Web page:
How to make really good pizza at home. Crisp edges and lofted insides. See images above for a complete step-by-step tutorial. This recipe will give you enough for tonight and plenty for the freezer.
- 4–5 c. bread flour
- 2 tsp. flaky kosher salt
- 1 tsp. instant yeast*
- 1 3/4 c. cold water
- 1/4 c. olive oil
- cornmeal, for dusting
- Into a stand mixer fitted with the dough hook, add flour, kosher salt, and yeast. Mix together.
- Pour water and oil into a liquid measuring cup. With the mixer on low, slowly pour in liquids until combined. Stop the mixer every so often to help incorporate all the flour.
- Once all the flour is incorporated, continue adding in flour a couple tablespoons or so at a time, about an additional cup in total. The dough should be tacky but not sticky. The dough will begin pulling away from the sides, only sticking to the bottom. Once the texture of the dough is just right, it will look like a fat tornado. Continue mixing/kneading the dough on low speed for another 10 minutes.
- Remove dough to a surface. You shouldn’t need any additional flour, only a pastry bench. Using the pastry bench, cut the dough into 6 equal parts. Shape dough into a ball (see tutorial above).
- If freezing dough for later, place individual balls in a ziploc bag. Place a straw into the far side of the bag and zip closed to the straw. Suck out all remaining air. Quickly remove straw and zip close. Place in freezer for up to 2 months.
- Allow dough to rise. If starting with frozen dough, remove from the freezer the morning before cooking. Open bag and allow to rise in the bag on the counter all day. If using freshly made dough, drizzle with a bit of oil and cover with plastic wrap. Allow to rise on the counter for 4-8 hours. (It takes dough in my kitchen far less time to rise in the summer because of a warmer house.)
- One hour before baking, place Baking Steel in oven. Turn oven to highest temperature and allow to preheat. See placement in oven tips in the notes. In the meantime, assemble sauce or pesto as well as toppings. Place fresh mozzarella ball, if using, in the freezer to make slicing easier.
- About 30 minutes before baking, assemble the pizza. Pull out your pizza peel. Lightly spread cornmeal on the surface to allow an easy slide into the oven. Set aside. Using a bit of extra flour, coat the outside edge of the dough to absorb any wet areas. Gently use your fingers to press into the dough a couple times. We don’t want to break the outside seal of the dough. This will help to create those picture perfect charred bubbles once cooked. Pick up dough, adding additional flour if necessary and either toss or press out the dough into a 10-12″ round. (See video for tossing how-to. You’ll use the tops of your fist to toss and catch the dough. Do this 2-3 times.)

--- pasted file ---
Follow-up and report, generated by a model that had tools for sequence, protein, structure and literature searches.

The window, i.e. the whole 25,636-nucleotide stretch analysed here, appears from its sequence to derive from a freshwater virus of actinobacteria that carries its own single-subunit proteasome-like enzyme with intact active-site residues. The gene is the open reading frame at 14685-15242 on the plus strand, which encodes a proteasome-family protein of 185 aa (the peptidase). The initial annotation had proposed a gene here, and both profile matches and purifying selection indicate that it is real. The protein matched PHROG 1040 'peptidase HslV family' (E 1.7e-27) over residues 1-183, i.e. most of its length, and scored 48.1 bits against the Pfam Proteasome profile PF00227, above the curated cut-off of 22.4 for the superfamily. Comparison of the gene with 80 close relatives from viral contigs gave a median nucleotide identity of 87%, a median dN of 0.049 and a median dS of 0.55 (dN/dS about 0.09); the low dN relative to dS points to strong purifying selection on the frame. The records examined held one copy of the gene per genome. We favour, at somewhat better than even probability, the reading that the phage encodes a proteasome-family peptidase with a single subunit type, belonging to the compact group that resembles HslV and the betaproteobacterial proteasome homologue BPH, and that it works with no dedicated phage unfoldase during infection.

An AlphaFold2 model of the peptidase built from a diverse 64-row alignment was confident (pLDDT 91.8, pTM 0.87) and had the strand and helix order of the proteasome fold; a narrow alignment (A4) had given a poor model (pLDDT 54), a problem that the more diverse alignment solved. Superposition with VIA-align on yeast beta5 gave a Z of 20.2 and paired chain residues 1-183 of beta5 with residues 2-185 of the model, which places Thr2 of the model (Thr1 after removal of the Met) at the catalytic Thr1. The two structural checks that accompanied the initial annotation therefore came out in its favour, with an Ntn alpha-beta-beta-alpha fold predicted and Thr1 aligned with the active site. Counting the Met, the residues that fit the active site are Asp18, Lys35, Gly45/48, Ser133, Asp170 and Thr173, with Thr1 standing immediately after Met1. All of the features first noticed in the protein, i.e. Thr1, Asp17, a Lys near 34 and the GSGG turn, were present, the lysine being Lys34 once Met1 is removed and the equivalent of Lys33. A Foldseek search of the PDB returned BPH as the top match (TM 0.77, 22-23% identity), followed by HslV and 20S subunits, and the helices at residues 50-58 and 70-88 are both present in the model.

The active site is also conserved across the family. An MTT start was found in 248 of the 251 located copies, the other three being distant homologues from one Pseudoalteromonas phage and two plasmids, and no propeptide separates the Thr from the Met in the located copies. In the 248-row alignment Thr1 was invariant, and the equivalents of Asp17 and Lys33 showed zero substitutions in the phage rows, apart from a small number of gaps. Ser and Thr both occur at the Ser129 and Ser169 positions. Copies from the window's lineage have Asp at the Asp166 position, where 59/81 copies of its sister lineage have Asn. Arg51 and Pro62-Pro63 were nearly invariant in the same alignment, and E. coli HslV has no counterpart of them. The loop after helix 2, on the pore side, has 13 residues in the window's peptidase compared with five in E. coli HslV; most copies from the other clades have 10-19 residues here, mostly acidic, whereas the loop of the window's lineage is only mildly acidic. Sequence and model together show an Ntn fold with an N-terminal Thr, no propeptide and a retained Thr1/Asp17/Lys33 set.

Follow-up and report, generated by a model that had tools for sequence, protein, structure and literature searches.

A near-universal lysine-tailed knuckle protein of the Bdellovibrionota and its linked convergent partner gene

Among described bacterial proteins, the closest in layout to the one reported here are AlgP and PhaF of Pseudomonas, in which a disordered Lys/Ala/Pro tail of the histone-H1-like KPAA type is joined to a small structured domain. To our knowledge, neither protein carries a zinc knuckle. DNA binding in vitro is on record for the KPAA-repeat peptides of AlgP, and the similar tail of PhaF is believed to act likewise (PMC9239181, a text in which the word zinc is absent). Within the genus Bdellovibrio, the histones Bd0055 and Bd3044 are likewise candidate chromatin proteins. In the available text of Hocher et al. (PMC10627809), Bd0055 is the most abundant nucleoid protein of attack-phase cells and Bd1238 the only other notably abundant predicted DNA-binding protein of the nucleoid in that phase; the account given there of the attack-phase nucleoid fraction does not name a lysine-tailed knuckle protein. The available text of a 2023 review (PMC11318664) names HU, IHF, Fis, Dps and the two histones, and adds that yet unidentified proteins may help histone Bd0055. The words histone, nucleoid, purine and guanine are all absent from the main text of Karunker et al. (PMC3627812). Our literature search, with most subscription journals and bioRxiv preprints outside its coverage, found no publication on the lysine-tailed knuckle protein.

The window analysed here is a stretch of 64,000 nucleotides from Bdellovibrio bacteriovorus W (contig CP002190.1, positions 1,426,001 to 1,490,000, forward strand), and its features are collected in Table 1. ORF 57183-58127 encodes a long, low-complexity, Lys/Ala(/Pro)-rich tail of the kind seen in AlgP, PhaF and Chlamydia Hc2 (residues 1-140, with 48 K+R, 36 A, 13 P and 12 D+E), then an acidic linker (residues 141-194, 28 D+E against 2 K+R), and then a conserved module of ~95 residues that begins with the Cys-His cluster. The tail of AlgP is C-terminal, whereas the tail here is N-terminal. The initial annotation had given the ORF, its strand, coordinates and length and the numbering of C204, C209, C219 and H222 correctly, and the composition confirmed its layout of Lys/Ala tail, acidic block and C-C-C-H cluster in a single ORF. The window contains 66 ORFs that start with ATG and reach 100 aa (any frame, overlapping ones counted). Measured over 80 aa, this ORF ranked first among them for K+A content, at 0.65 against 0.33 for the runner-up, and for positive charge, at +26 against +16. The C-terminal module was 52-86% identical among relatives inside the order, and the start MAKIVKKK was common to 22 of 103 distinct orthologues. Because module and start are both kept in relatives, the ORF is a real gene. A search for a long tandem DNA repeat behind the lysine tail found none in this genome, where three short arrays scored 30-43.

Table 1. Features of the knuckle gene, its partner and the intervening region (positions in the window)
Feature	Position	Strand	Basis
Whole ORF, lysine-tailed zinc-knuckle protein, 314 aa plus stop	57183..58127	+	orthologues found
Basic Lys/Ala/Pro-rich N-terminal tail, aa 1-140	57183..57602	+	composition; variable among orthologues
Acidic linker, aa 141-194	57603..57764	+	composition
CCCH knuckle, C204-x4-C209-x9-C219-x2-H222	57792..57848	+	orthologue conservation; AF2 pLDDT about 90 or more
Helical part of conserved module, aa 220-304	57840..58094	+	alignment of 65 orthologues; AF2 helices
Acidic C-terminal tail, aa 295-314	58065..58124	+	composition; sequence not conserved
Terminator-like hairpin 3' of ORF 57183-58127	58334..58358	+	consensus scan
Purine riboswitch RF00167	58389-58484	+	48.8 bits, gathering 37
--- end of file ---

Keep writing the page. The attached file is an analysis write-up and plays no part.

- Place shaped dough onto the peel. Drizzle the outer edge of the crust with olive oil for flavor. Gently rub in. Add a couple dollops of prepared sauce around the pizza. A little goes a long way. Use the back of a spoon to spread around evenly. Remove mozzarella from freezer and thinly slice. Place on top of pizza as well as any additional toppings.
- Carefully slide pizza onto the steel. Bake for 5-15 minutes. This will vary greatly from oven to oven.** Remove onto peel. Slice and serve.
- Leftovers? Try this method for reheating.
*This recipe is written specifically for instant yeast. No temperature activation is required. If using dry active yeast (or another form), use warm water instead of cold as listed. Please note, this recipe has been tested over the years using instant yeast only.
**Ovens vary from machine to machine. I’ve made this in an electric and gas oven. Either way, I turn the oven up to the hottest temperature (not broil). The first couple of times, I play around with placement in the oven. I one oven, I placed the baking steel on the very bottom, though that always made me very nervous. In my current oven, I place the steel on the second rung down from the top. That seems to work best in getting a nice crunch on the crust and melty cheese. It’s 100% trial and error. Because of this, baking times will vary immensely.